Fabric filters, also commonly referred to as bag houses, are used in many industrial applications. They operate similar to a vacuum cleaner. The Dust-laden gases pass through fabric bags where the particulates are trapped on the fabric surface.
After enough dust layer is built up on the filters (which indicated by buildup in pressure across the fabric) it is then periodically removed by blowing high pressure (compressed) air back through the fabric, reversing the flow of gases, or shaking the fabric.
Dust from the fabric then falls to a collection hopper from which it is removed periodically. The layer of dust accumulating on the bag is usually referred to as the dust cake. Fabric filters, collect particles with sizes ranging from sub micron to several hundred microns in diameter at efficiencies generally in the range of 99 or 99.9 percent.
The particle laden flue gas leaves the boiler and heat recovery unit and enters the filter inlet plenum which in turn distributes the gas to each of the fabric compartments for cleaning. An outlet plenum collects the cleaned flue gas from each compartment and directs it toward the induced draft fan and then to stack. Inlet and outlet dampers are provided which allow isolation of each compartment for bag cleaning and maintenance.
Each compartment has a hopper for inlet gas flow as well as for particulate collection and removal. The individual bags are closed at one end and connected to a tube sheet at the other end from which the gas passes through the bag assembly.
Collection of the particulate on the bag fabric is very important as it increases the filter efficiency. The major forces leading to this collection include impingement by direct contact and dust cake sieving, minor forces which assist in the collection are diffusion, electrostatic forces, Vander WaaIs forces and gravity.
The dustcake is formed by the accumulation of particulate on the bags over an operating period. Once formed, the dustcake itself provides most of the filtration, however impingement collection is most effective on the larger particles and the sieving process collects all particle sizes, and a dustcake maximize overall collection. As the dustcake builds the flue gas pressure drop increases across the fabric filter, so at this point the bags must be cleaned.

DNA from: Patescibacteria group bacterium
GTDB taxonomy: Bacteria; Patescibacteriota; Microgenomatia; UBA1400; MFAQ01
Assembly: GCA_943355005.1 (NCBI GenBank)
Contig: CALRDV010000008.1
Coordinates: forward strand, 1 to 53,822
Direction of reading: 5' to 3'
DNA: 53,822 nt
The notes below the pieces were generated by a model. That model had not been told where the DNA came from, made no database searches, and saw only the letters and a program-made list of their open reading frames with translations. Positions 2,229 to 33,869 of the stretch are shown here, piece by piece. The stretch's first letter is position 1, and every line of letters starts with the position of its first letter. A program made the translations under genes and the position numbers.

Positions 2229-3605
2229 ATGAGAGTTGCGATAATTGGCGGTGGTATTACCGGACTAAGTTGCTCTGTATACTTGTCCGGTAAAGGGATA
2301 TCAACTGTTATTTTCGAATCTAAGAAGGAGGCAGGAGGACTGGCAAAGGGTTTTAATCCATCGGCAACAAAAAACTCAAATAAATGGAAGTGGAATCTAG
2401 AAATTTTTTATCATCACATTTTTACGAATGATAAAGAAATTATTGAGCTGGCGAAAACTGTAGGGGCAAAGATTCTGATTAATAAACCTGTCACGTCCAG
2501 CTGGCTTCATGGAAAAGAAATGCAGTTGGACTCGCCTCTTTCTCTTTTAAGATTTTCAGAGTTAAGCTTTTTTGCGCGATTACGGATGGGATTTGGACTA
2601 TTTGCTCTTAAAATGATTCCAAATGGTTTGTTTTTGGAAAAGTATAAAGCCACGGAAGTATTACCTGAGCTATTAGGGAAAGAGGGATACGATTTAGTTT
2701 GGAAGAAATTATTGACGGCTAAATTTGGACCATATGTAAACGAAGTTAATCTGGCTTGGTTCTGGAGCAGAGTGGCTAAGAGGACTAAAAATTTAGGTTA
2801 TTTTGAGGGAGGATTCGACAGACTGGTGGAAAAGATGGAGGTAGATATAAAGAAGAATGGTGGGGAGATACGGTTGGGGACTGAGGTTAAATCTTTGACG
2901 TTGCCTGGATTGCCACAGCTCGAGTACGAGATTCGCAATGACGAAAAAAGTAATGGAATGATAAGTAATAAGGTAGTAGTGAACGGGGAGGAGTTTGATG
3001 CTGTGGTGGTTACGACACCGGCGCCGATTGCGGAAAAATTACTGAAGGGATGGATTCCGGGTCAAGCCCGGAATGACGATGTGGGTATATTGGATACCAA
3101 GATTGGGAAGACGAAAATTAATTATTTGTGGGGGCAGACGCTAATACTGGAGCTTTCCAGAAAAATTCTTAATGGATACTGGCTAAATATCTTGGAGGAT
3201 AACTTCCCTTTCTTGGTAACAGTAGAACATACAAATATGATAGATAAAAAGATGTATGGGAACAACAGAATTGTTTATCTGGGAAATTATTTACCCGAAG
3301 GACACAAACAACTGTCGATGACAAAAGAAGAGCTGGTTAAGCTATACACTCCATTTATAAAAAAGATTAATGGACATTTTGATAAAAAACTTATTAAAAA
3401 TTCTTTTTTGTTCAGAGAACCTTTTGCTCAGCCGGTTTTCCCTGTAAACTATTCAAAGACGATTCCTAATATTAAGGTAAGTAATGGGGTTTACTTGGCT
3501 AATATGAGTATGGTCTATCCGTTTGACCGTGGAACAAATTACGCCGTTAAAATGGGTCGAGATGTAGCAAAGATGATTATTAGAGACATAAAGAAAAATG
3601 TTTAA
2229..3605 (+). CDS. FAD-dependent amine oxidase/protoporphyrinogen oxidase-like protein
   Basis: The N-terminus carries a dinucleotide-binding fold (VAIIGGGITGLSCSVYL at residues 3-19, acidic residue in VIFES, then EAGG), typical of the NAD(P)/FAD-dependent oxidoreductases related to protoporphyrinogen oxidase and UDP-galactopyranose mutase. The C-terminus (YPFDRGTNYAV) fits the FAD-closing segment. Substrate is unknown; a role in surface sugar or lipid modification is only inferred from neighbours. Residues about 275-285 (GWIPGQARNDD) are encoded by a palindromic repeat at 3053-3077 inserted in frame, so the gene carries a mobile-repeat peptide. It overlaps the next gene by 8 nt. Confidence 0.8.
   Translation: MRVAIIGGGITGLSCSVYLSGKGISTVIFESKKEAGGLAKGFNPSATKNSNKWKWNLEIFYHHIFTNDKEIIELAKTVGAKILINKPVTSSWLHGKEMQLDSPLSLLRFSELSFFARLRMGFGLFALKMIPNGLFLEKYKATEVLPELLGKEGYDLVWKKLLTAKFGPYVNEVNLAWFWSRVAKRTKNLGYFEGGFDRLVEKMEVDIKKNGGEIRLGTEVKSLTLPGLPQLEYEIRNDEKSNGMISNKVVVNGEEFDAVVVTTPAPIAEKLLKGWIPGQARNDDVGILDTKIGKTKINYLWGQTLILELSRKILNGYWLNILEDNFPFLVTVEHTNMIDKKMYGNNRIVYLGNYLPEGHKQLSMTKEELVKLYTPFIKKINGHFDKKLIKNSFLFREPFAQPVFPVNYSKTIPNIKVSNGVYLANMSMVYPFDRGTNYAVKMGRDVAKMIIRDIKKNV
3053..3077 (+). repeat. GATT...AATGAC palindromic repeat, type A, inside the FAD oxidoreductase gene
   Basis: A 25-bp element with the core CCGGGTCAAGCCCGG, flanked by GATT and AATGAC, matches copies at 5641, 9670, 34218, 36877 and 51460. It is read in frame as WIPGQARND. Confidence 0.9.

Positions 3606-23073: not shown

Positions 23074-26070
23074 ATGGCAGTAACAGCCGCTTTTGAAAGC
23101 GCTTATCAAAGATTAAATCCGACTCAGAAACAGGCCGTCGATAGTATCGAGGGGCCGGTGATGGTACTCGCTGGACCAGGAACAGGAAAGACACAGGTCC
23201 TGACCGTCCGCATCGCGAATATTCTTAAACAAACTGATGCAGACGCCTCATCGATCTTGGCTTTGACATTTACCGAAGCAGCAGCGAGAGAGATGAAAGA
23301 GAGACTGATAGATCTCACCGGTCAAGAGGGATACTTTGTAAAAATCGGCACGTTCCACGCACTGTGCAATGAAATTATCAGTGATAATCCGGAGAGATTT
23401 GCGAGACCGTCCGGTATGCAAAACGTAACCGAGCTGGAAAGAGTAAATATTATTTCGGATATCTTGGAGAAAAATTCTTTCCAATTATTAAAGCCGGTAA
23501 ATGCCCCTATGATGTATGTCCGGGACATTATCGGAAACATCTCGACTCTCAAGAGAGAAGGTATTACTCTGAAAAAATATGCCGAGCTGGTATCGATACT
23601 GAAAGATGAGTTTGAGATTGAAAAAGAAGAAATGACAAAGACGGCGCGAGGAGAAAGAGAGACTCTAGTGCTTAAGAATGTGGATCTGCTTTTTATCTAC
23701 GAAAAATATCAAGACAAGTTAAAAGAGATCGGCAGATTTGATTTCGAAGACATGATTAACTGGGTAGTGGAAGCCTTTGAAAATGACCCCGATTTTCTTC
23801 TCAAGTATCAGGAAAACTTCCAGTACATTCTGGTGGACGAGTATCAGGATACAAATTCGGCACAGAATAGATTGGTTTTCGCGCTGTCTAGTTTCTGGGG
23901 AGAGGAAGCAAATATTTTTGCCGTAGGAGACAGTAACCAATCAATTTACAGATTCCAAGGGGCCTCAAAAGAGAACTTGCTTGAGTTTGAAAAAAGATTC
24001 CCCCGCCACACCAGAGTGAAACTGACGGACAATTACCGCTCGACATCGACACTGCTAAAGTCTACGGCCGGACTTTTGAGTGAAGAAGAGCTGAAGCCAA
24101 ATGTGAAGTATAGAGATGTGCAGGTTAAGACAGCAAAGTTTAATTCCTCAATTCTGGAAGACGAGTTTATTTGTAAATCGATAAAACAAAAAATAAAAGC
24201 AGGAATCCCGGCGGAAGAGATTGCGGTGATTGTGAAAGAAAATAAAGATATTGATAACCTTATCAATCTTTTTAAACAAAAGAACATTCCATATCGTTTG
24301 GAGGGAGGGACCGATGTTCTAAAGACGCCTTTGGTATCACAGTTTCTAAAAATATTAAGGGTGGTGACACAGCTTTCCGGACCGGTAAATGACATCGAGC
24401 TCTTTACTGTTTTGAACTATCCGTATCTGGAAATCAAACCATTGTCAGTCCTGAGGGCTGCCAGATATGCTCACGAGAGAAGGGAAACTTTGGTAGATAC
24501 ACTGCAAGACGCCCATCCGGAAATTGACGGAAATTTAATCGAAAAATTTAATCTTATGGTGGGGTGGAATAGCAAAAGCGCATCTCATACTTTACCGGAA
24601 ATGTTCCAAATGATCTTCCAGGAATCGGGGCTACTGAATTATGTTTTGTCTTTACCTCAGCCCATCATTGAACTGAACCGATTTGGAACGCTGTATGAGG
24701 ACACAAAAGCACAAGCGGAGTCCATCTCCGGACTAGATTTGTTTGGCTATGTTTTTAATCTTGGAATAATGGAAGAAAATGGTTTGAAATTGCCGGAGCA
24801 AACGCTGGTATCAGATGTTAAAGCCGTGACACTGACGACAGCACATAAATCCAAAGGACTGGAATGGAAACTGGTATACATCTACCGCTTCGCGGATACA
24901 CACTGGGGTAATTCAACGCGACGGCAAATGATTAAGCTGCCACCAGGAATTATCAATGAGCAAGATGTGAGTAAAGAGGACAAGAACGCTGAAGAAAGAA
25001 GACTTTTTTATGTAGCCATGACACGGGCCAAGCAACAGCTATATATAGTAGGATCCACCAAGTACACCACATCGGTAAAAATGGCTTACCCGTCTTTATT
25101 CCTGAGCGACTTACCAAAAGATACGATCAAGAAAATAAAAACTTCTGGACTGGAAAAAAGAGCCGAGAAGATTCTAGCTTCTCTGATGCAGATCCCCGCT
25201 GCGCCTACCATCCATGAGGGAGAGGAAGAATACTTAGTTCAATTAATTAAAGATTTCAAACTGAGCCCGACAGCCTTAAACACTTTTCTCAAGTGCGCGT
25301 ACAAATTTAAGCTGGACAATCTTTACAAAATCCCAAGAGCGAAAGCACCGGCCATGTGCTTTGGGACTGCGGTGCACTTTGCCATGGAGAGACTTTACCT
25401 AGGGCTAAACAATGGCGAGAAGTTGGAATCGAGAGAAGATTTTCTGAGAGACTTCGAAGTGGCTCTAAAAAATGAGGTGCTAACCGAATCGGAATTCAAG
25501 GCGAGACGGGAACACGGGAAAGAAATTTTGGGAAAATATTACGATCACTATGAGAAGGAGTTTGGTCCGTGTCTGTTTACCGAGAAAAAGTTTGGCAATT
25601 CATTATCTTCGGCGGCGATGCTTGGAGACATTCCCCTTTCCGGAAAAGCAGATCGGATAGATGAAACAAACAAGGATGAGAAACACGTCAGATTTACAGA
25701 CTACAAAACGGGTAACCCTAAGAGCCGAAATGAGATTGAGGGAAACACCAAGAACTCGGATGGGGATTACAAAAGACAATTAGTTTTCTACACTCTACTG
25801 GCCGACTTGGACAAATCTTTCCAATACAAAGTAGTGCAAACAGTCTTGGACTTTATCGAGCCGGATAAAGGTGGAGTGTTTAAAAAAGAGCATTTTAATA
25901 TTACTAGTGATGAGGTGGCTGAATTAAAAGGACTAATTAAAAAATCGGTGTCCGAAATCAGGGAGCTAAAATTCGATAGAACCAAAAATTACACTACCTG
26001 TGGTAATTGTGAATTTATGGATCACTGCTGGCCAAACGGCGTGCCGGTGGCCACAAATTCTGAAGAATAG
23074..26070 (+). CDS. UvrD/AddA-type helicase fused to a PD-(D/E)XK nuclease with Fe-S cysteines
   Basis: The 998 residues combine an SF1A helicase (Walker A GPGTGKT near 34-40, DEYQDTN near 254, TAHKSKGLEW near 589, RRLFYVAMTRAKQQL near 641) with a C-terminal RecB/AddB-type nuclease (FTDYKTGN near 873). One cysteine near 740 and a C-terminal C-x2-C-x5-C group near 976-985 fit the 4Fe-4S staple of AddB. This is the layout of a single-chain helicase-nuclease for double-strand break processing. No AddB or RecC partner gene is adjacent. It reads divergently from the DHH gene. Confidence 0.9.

This occurs after a predetermined operating period or when the pressure drop reaches a set point. Each compartment is then sequentially cleaned to remove the excess dustcake and to reduce the pressure drop. A residual dust coating can be used to enhance further collection in pulse jet fabric filters.
The bags are tightly packed into one or more filter compartments with one compartment normally off-line for cleaning. Most bag houses contain as many as ten or more compartments with several hundred bags per compartment.
Fabrics used in bag houses can be made of a number of different materials such as paper, cotton, Nomex, polyester, fiberglass, Teflon, and even spun stainless steels. The filter bag selection depends on the corrosive properties of gases, dust loading, particle size and importantly temperature of dust laden gases. The area of filter bag is decided by air to cloth ratio which determines pressure drop and collection efficiency.
Fabric filters are used where high efficiency Particle collection is required. Limitations are imposed by gas characteristics such as temperature, corrosiveness and particle characteristics (primarily stickiness) that affect the fabric or its operation and that cannot be economically accommodated. Also for very large volumes, the operating cost is very high since the pressure drop is high.